Newswatch | Newswatch

You are here

Homes of two journalists attacked in Pakistan's restive North-West Frontier Province

Homes of two journalists attacked in Pakistan's restive North-West Frontier Province
Pakistani secuirty forces officers walk over debris of houses in Sultanwas, Buner, Pakistan on Thursday, July 9. 2009. Sultanwas, a stronghold of Taliban militants is destroyed during fierce fight between Pakistani security forces and Taliban militants. Pakistan will allow some 2 million people who fled an army offensive against the Taliban in Swat Valley to return home next week, the prime minister announced Thursday, saying the region was now secure and essential services restored.

The house of a second Pakistani journalist working in the border area with Afghanistan was looted and burned on Saturday, according to the Khyber Union of Journalists (KhUJ). The attack was similar to one carried out by Taliban militants on Thursday last in the same district, which has been an area of conflict since the government launched an offensive in April.

According to the KhUJ and the English-language daily the News, the home of Behroz Khan, in Balo Khan village in Buner in the North West Frontier Province, had been looted and ransacked a few times in recent months before it was burned over the weekend. Khan is a senior journalist who works for Geo TV and has assisted CPJ investigations in the Federally Administered Tribal Areas in the past.

"The targetting of homes and families of journalists who dare to report professionally is a frightening trend that must be stopped," said Bob Dietz, CPJ's Asia programme coordinator. "All sides in the conflict in Pakistan must respect the role of journalists in covering the news."

At a joint press conference on Monday, Khyber Union of Journalists president Mohammad Riaz and Peshawar Press Club president Shamim Shahid urged the government to protect journalists from Taliban attacks. “The authorities must take measure to protect journalists, so that they can have confidence in the Pakistani government again, Riaz said.

Riaz said a delegation of the Tribal Union of Journalists (TUJ) met officials of the Federal Government in June to raise their concerns about security for media in the area, and a tribal commission has since been set up by the Government to assess damages to the homes of media personnel in FATA. TUJ has urged the government to pay compensation to those whose homes or property have been damaged as a result of the war.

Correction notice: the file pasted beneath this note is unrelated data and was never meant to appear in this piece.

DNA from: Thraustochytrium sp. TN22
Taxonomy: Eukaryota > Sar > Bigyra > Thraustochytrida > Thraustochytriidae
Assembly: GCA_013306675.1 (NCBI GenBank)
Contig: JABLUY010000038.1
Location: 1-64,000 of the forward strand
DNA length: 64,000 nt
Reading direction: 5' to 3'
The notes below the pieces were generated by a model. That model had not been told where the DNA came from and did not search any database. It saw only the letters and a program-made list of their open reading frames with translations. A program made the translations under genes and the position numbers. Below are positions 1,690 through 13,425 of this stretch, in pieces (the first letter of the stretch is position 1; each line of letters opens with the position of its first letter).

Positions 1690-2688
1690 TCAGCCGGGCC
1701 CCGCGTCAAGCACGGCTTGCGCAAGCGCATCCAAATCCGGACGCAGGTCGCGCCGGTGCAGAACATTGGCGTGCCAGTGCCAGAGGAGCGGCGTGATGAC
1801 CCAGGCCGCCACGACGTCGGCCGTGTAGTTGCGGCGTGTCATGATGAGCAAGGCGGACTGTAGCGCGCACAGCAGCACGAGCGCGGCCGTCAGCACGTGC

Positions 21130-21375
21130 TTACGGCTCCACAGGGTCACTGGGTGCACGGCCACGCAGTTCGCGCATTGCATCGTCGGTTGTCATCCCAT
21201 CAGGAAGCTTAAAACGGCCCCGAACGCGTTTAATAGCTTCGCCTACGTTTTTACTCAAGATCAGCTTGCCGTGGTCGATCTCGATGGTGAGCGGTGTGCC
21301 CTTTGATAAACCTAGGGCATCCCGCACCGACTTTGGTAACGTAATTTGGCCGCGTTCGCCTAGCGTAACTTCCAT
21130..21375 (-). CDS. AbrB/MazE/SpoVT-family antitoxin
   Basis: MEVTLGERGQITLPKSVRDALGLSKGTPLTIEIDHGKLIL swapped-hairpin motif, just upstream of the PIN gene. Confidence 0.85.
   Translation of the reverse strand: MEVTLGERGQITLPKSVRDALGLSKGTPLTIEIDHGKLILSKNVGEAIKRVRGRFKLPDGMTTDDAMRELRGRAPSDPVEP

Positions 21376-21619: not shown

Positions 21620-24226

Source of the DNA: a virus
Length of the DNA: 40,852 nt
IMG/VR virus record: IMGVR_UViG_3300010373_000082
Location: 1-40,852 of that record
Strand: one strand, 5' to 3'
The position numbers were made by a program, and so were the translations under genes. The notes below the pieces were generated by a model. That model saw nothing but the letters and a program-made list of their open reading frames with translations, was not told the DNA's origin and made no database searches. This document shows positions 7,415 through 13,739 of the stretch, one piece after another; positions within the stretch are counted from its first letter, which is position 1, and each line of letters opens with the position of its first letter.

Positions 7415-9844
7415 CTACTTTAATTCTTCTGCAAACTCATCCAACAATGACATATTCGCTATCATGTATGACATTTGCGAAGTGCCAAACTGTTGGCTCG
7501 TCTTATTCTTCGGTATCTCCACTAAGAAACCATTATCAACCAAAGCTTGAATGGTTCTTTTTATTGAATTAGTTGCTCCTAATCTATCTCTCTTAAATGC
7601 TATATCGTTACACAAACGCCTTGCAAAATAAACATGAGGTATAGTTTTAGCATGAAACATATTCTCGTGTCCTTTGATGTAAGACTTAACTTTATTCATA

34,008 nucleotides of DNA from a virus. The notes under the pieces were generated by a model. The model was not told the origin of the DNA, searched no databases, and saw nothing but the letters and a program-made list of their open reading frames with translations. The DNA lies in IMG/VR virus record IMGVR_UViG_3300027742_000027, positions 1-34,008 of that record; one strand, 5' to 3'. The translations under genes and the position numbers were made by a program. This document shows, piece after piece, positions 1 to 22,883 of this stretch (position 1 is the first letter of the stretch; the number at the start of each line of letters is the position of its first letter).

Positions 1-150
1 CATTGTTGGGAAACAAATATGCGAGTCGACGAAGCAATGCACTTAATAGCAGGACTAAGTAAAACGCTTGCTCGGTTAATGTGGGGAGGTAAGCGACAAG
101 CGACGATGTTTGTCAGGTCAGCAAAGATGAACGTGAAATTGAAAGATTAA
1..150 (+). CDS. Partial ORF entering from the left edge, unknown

The News reported that Khan had left the area before the most recent attack and CPJ has not been able to contact him. The paper said Buner's district coordination officer and district police officer were not available to comment.

A bomb destroyed the home of Voice of America correspondent Rehman Buneri in Buner district on Thursday last in what was believed to be a retaliatory attack by the Taliban. The gunmen told Buneri’s father: “We have orders to blow up the house because of your son’s criticism of the Taliban.” Based in Karachi, Buneri works for Voice of America’s Pashto-language Deeva Radio. He is also privately-owned Khyber TV’s Karachi bureau chief.

“This Taliban attack was cowardly and unacceptable,” Paris-based Reporters sans Frontières (RSF) said. “We urge Taliban fighters to stop taking reprisals against journalists, who are often the victims of physical attacks and intimidation. We also ask the Pakistani government to guarantee the safety of journalists by reaffirming its military presence in the region.”

“My father said the Taliban arrived at about 2 a.m.,” Buneri told RSF. “They began by reading out loud the charges against me. Then they evacuated all of the members of my family and put explosives around the house.” He added that he had previously received threatening phone calls from an unknown number.

The village of Poland is just 15 km from an army-controlled area. The incident took place just a few hours before the government announced that the Taliban had been ousted from the Buner valley and the nearby Swat valley and that the displaced population could begin returning on July 13.

The government said on Wednesday that it was winding down its military operations against Taliban militants in Buner and the adjoining Swat Valley. The offensive, launched in April, has killed about 1,600 combatants, according to the government.

Date posted: July 15, 2009 Last modified: May 23, 2018 Total views: 213